polis: a collective blog about cities worldwide

Reassembling the City

by Peter Sigrist

Topographic map from "Old Moscow Inventory 2011."

A group of students from the Moscow Architectural Institute recently completed an "inventory" of the Russian capital using public data and Google Earth. They focused primarily on the territory beyond the historic center, explaining that it makes up 90.4 percent of Moscow's area and accommodates 92.7 percent of the population. Their report is titled "Old Moscow Inventory 2011" [PDF] in reference to the impending annexation of 148,000-plus hectares to the city, more than doubling its current size.

The report contains detailed statistics on Moscow topography and land use, including housing, abandoned industrial sites, watersheds, transportation and parks. The students disassembled, quantified and reassembled the city in different forms to visualize key findings. There are some remarkable examples of minimalist information design. While the frequent extraction and grouping of related items in the report is useful for comparison, it would be more informative if they were highlighted in context. This, along with the numbered catalog system and sometimes ambiguous headings, might be improved by presenting the inventory via an interactive map.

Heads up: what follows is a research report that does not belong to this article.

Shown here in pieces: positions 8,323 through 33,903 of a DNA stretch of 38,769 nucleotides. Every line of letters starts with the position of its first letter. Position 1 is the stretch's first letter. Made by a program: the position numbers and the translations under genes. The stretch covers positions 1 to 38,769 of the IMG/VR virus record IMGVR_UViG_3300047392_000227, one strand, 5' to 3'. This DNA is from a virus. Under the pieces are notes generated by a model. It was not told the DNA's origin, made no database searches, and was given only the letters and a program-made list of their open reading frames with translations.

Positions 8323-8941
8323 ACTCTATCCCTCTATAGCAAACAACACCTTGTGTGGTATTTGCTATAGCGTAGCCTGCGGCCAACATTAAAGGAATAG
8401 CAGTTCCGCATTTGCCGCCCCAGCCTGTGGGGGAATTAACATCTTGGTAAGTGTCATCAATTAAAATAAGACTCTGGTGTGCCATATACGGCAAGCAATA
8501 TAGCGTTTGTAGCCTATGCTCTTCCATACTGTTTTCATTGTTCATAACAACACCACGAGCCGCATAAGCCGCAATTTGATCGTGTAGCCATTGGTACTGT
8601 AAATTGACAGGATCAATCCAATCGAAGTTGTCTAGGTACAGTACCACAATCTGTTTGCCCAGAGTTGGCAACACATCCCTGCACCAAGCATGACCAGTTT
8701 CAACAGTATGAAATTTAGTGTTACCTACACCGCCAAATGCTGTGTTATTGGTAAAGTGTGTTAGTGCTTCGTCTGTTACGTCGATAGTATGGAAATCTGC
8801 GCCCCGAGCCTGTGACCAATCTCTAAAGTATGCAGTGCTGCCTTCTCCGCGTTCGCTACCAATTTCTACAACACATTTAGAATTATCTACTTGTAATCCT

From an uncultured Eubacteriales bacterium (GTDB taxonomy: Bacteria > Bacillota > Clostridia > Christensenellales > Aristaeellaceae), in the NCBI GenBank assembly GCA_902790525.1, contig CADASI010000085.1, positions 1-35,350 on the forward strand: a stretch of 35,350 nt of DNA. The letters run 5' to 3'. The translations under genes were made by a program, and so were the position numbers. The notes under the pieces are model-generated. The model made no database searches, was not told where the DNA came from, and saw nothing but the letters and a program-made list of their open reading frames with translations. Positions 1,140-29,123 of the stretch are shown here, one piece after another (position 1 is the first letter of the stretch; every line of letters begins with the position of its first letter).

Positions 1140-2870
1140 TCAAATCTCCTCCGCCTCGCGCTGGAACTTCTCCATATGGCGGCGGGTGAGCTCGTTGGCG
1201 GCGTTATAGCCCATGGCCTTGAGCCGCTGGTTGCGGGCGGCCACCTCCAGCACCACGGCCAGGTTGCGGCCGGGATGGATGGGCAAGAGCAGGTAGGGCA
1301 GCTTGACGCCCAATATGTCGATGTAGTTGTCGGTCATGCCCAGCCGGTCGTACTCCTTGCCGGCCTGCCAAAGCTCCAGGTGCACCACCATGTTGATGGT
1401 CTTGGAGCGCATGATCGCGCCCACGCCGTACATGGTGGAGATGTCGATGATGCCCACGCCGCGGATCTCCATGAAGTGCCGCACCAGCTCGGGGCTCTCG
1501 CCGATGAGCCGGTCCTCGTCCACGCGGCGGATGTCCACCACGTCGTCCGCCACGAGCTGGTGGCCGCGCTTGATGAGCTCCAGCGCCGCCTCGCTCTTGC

Yury Grigoryan, one of the instructors who guided the project, describes it as a momentary sketch of a city on the verge of massive change. He considers it a step toward thoroughly evaluating Moscow's current state and making the information publicly accessible, explaining:
This kind of work should be done by the Genplan Research Institute before working on the General Plan for Moscow. But that agency is very closed, and we don't know what information they have or don't have. That, of course, is fairly strange — to hide the maps of Moscow and detailed plans of neighborhoods. It would be nice if they were open to the public, then any specialist could do a general plan for the city.
While that may seem unlikely, adding more information about Moscow to the public domain could substantially empower citizens toward improving their living conditions.

The report lists only one source of public data (Bureau of Technical Inventory), and it doesn't appear to be easily accessible online. The state unitary enterprise MosgorBTI and various directories and commercial services were the closest I could find after a quick search. I will be checking more thoroughly over the next few days.

Despite the "beta" nature of the inventory, it is a valuable exploration of present conditions and future possibilities in Moscow. Ideally, it will someday be combined with an online map equipped with transparent real-time data.

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